My parents (both trained nurses) had had to really work for their living, to make sense of their migration. My mother had led the move overseas after the system in Jamaica "failed her" (she needed a mark of over 90, but got just 90) and limited her scope for advancement. Britain needed nurses so off she went. My father had followed reluctantly, with me, leaving a very good position at Bellevue Mental Hospital. They promised me that in England I would still get the education that they wanted for me and they felt I deserved. When my father speaks nowadays he is often bitter about "mad Jamaican politicians talking about free education ... and not educating anybody". My father's Jamaican paper qualifications and previous experience were regarded as worthless in England and he was offered the opportunity to restart his studies; he declined. He worked as a bus conductor, then for the Post Office, doing mainly administrative work. Proud all the time, they worked hard. They both managed to move from one room flat in a basement (we lived five minutes walk from the primary school where I went) to becoming homeowners three times over, moving out of central London to the semi-detached suburbs.

On taking early retirement in their mid-50s they did the "middle class thing" and moved to the countryside, settling in Somerset, as English as it gets. Principally, this was to allow them the luxury of watching Viv Richards play cricket. But they settled into their new English country village and quickly became regular residents (and cards still come at Christmas from former neighbours), until they decided to up stakes and return to Jamaica in the mid-1980s. They had completed their "tour of duty" and the circle for them was almost closed. "Back home", though not in their parishes of origin; settling into a lovely part of that island--the parish of Manchester--where the climate is kind, and mostly cool, life is easier, and with a small cluster of "English people" (as some of the returning residents were called).

I read Andrea Levy's book "Small Island" about three years ago and remember how difficult it was to see anything other than my own experiences when I read about Hortense and her hopes, her disappointments, her adjustments to life in the "mother country".

My own circle has not yet closed. Here I am living in Barbados, back in the Caribbean but not quite "back home". A place referred to as "little England", which reminds me a bit of England, but only a bit and it's more to do with the amount of Cockney and scouse accents that I hear from tourists. Though the lay out of the countryside reminds me of some of the rolling hills of the south of England. But this place also has some irony in my life. Before I took a job in Washington I had come here in 1989 to interview for a job at the Caribbean Development Bank. But after being offered the post, the salary package was going to leave me losing money; not a good situation for a man with a wife and two year old. (Maybe I should have taken it and who knows by now I could have become super rich or a politician or....) I am now a trained economist who has left his career in Washington and would gladly class myself as an "island hopper". From one small island to a bigger small island to yet another smaller island.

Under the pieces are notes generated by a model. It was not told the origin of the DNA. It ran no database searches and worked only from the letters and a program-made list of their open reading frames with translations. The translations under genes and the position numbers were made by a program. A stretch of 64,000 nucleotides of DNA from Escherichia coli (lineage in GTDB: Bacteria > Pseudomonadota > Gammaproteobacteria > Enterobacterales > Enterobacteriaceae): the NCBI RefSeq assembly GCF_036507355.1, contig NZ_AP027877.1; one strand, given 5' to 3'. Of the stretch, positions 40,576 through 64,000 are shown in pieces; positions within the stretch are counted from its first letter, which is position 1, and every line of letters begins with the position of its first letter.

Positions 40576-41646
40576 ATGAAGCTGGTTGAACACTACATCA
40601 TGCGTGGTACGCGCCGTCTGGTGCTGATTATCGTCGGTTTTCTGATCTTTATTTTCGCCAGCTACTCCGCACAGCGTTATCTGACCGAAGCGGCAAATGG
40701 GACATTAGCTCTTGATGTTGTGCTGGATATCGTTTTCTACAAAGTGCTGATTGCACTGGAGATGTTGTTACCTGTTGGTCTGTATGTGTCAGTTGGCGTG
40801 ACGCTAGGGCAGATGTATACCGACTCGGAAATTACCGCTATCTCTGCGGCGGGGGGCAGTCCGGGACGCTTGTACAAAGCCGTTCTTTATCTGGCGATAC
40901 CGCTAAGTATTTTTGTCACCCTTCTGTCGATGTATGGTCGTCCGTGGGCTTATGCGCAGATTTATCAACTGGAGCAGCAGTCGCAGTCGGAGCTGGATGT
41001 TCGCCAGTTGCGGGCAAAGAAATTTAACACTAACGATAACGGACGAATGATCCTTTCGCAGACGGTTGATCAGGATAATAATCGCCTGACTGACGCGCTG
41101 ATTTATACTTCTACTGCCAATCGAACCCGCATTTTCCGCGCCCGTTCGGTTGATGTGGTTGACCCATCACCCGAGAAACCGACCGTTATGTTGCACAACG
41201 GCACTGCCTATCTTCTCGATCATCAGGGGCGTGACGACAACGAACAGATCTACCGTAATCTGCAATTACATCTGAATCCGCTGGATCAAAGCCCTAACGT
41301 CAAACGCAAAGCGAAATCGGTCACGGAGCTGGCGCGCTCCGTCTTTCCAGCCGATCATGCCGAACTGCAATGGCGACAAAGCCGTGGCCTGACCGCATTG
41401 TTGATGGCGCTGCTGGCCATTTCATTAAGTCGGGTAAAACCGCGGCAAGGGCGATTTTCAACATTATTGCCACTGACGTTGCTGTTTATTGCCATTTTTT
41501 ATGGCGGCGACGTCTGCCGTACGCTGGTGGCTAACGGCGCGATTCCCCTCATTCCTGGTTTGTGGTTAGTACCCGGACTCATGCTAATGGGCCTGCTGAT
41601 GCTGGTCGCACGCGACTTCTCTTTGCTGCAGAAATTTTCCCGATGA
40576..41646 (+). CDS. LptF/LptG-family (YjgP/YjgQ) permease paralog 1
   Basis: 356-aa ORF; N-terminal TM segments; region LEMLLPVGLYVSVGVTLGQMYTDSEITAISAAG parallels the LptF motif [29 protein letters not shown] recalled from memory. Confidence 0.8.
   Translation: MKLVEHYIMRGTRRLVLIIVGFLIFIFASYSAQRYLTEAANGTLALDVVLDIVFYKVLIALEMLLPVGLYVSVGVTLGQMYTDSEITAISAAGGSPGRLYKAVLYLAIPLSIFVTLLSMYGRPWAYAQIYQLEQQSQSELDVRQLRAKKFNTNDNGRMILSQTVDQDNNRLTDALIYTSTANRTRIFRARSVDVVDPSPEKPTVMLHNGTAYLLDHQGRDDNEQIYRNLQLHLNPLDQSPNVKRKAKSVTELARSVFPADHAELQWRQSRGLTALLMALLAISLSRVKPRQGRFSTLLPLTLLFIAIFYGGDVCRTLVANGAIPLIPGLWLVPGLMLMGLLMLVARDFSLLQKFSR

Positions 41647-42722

I am not sure where my roundabout will stop turning but I am enjoying the way that it's turning.

Monday, February 25, 2008

World perspectives: Are Bajans oversensitive?

Just a provocative thought to start the week.

Much of Barbados was up in arms last Friday about how a DJ/MC (Kevin "KB Kleen" Hinds) at the concert to fete Rihanna the previous night might have disrespected the Prime Minister by calling him by his first name, David. The MC also made some remarks that were thought to be in poor taste by many who heard them. After a lot of public outrage, much of it on the radio call-in programme "Down to Brass Tacks", Mr. Hinds made a national public apology. From what I saw and have heard since the Prime Minister was not particularly shocked, offended or otherwise "unamused". But I was not there and I have not spoken to him personally on this matter.

Now some tables have been turned a little to show that rank (or is it rancour?) has its privileges. France's president was caught on video publicly and clearly insulting a bystander at an agricultural fair, who did not want the President to shake his hand; he said that the President made him feel dirty. President Sarkozy said “Casse-toi, pauvre con”, which for those of you who do not speak French can roughly be translated as “P*** off, stupid sod”, or “Get lost, silly b*****”. Not too nice that. The video, though a good short film, was not amongst last night's Oscar nominations.